Bridget works part-time as Deputy Chief Pharmacist at Whittington Health; the rest of her working week is spent at Helicon Health developing e-learning for patients and healthcare professionals. She is a cinephile, loving movies old and new, and a newly converted runner, recently completing a charity run for Cancer Research.
Pharmacy staff at Whittington Health were surveyed to determine their perspectives on whistleblowing. Whilst all 49 respondents recognised that whistleblowing was important, less than half felt comfortable about raising a concern. The main barriers to raising concerns were the fear of reprisals (for example, being perceived as a troublemaker and losing one’s job), lack of managerial support and a lack of knowledge about the context of the concern. Workshop sessions are needed to address these barriers.
Whistleblowing describes the ability to raise concerns about wrongdoing, malpractice or patient safety. To safeguard patients, it is important that pharmacy staff feel empowered and supported to do this without fear of retribution so that bad practice is dealt with in a timely and appropriate manner.
To determine pharmacy staff’ perspectives on whistleblowing.
- To determine knowledge of whistleblowing
- To determine attitudes to whistleblowing
- To identify barriers to whistleblowing.
All members of pharmacy staff were invited to attend a workshop on whistleblowing. The aim of these workshops was to foster an understanding of whistleblowing and to identify staff concerns.
A semi-structured survey to determine perspectives on whistleblowing was then developed and piloted with eight members of pharmacy staff, selected to represent the target group. Minor changes were made to improve clarity of wording.
The final instrument comprised seven questions; all of these questions had a fixed response with the exception of one question included to elicit barriers to whistleblowing.
In March 2015, a link to this on-line survey was sent to all staff.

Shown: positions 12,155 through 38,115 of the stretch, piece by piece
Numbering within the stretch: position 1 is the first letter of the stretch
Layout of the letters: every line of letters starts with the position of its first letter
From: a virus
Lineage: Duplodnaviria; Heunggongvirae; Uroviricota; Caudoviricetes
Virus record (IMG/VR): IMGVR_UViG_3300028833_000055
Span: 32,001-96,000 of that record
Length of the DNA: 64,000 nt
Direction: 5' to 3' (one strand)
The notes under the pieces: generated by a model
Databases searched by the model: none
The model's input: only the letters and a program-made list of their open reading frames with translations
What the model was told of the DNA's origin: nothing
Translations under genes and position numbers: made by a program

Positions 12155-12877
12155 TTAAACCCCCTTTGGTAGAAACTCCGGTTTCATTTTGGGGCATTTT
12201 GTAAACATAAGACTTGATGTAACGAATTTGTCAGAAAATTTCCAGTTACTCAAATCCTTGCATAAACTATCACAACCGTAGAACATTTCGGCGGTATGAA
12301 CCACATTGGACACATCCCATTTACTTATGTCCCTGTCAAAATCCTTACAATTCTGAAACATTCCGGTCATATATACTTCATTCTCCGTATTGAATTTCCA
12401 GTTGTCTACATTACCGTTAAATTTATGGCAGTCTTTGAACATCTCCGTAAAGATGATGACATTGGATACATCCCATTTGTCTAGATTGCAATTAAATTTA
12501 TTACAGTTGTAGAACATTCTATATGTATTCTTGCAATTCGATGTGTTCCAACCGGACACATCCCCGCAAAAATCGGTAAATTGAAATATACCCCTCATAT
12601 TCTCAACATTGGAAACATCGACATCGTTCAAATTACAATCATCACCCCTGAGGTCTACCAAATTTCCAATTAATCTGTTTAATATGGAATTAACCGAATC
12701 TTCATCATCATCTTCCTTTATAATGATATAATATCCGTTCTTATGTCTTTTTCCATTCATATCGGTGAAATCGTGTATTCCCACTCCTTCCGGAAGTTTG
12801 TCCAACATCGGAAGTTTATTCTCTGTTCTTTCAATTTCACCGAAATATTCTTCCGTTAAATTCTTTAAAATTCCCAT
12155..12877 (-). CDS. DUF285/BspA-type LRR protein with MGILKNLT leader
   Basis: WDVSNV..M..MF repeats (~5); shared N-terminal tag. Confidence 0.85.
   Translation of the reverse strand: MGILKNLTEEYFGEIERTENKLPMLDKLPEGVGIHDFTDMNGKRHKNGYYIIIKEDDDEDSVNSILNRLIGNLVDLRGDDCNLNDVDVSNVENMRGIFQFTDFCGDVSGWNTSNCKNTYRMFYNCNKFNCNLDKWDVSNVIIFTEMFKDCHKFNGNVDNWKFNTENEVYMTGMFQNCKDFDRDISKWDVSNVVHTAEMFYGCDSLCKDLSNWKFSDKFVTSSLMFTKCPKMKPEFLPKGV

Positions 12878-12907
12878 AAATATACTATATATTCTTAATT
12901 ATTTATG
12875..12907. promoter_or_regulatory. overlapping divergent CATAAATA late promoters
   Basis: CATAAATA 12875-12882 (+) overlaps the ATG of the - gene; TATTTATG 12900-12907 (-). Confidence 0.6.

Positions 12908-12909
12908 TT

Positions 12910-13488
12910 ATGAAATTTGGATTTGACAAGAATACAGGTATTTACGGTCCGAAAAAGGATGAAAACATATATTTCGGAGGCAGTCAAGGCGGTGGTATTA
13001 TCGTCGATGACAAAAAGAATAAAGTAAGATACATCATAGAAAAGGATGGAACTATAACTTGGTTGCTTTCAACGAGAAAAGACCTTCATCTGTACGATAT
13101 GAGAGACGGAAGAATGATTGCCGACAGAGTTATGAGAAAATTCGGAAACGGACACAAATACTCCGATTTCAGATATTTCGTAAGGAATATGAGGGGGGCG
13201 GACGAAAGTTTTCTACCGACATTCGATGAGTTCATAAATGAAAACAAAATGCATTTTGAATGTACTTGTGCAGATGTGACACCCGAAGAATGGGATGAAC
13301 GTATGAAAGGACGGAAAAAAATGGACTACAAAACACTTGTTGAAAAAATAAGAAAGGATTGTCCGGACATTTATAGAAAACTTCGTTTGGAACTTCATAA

Coding was used to categorise responses to the survey. All statistical analyses were performed using SPSS 24™. Descriptive statistics were used to provide summary data. Inferential statistics were used to examine the relationship of one variable with another. The test used depended on the type of data analysed.
Surveys were completed by 49 members of staff (60% response rate); pharmacists (29), technicians (8), pre-registration pharmacists (5), other (7). A total of 69% of respondents understood what whistleblowing was, and all felt that it was important or very important. There were no significant differences between staff groups with respect to knowledge.
Less than half of the respondents (n=22) felt comfortable about raising a concern within the pharmacy department. Non-registered staff (ATOs, storekeepers, administrative staff) were more comfortable with doing this; technicians and student technicians less comfortable (p=0.032).
An identical number of respondents (n=22) felt comfortable about raising a concern arising outside the pharmacy department. There were no significant differences between staff groups.
The main barriers to raising concerns were the fear of reprisals (for example, being perceived as a troublemaker and losing one’s job), lack of managerial support and a lack of knowledge about the context of the concern.
Despite a good understanding of whistleblowing, some members of pharmacy staff either equated it with making a complaint or expressing a grievance, or felt that it solely reflected reporting a concern to an external organisation. All staff felt that whistleblowing was important and knew how to raise a concern. However, this study identified significant barriers to reporting concerns.
There was a statistically significant difference in attitude to reporting concerns within the pharmacy department between different staff roles. The reasons for this are unclear and will be explored at further workshop sessions, where remaining concerns and misconceptions will be addressed.